This is Black Lives Matter at School Week, and the NEA is proud to support a movement that is all about sparking conversations that will protect our students and ensure that no matter their racial or ethnic background, they have the support and tools they need in schools.
What this week—and the entire movement—emphasize is that those of us who are educators have a responsibility to look closely at what black students face in far too many schools across our nation.
We know, for instance, that zero-tolerance policies lead to higher rates of suspension and other disciplinary measures that are pushing students out of the classroom and into the criminal justice system. These policies disproportionately affect black students, who are often disciplined more severely than other students for minor infractions.
But let’s be honest: Looking closely at these policies and what’s happening in schools means examining ourselves as educators. That can be difficult for even the toughest among us—especially if you consider yourself to be someone who loves each student, every child, as if he or she were your very own.
Our dedication to students, however, doesn’t mean that we don’t come into schools with prejudices and predispositions. These may have been cultivated in us while we were growing up, or they could have been part of life in our communities. We are not always aware of them, and even worse, we have no idea the impact they have on the decisions we make as educators.
The need for us to reflect on our thoughts and behaviors was underscored last week after Virginia Gov. Ralph Northam apologized for a racist photograph that appeared to feature him. The photo was in his 1984 medical school class yearbook. Although the governor said a day later that he was not in the photo, he did admit to using shoe polish to darken his skin around the same time while doing an impersonation of Michael Jackson.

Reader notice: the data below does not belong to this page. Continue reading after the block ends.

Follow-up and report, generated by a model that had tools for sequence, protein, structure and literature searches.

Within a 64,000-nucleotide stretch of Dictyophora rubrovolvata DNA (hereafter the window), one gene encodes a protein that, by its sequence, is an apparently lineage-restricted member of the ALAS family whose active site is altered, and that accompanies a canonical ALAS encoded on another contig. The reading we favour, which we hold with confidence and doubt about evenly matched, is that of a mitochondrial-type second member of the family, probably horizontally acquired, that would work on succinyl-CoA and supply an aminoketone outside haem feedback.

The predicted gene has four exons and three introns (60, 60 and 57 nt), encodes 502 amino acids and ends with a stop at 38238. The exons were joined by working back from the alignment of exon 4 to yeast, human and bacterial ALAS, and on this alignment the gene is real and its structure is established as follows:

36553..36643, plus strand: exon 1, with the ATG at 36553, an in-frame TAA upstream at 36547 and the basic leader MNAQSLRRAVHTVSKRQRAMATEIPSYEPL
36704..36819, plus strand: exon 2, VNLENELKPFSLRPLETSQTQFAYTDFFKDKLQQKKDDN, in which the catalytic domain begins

I don’t know what’s in Governor Northam’s heart, and I certainly don’t know what he did or did not do. (Considering his two-day apology, it sounds like he doesn’t, either.) But I do know this: If we adults are not accountable for our behavior, we cannot teach accountability to our children. Furthermore, we have to have confidence in our elected officials and faith that they respect and will represent all of us.
All the mea culpas in the world won’t fix things unless we examine ourselves, reflect on our own thoughts and behaviors and take action to create racial justice everywhere, particularly in schools and on campuses, where our future leaders are. The good news is that change and growth are possible for anyone.
Start your journey this week. Look at the many Black Lives Matter at School resources that NEA’s Center for Social Justice has assembled with our coalition partners during this Week of Action.
The Black Lives Matter at School Week of Action includes a demand to end zero-tolerance policies; mandate that black history and ethnic history be taught in schools; hire more black teachers; and fund more counselors in our schools. The last one is particularly timely: The week of February 4-8 also happens to be National School Counseling Week. And one thing we know for sure is that no matter what communities our schools are in, most of them have far too few counselors.
There are several things you can do this week to show your support for this growing movement, and you’ll find suggestions here. You can read about how the movement began here. Check out this interactive map to find events and actions near you, or to submit your actions and updates.
Also, consider joining the movement. BLM epitomizes what organizing is all about: Anyone who supports its mission and goals can join in on monthly conference calls and be part of the movement. Find out more here at blacklivesmatteratschool.com.
Take the pledge to grow the movement for racial justice in education, and be part of history.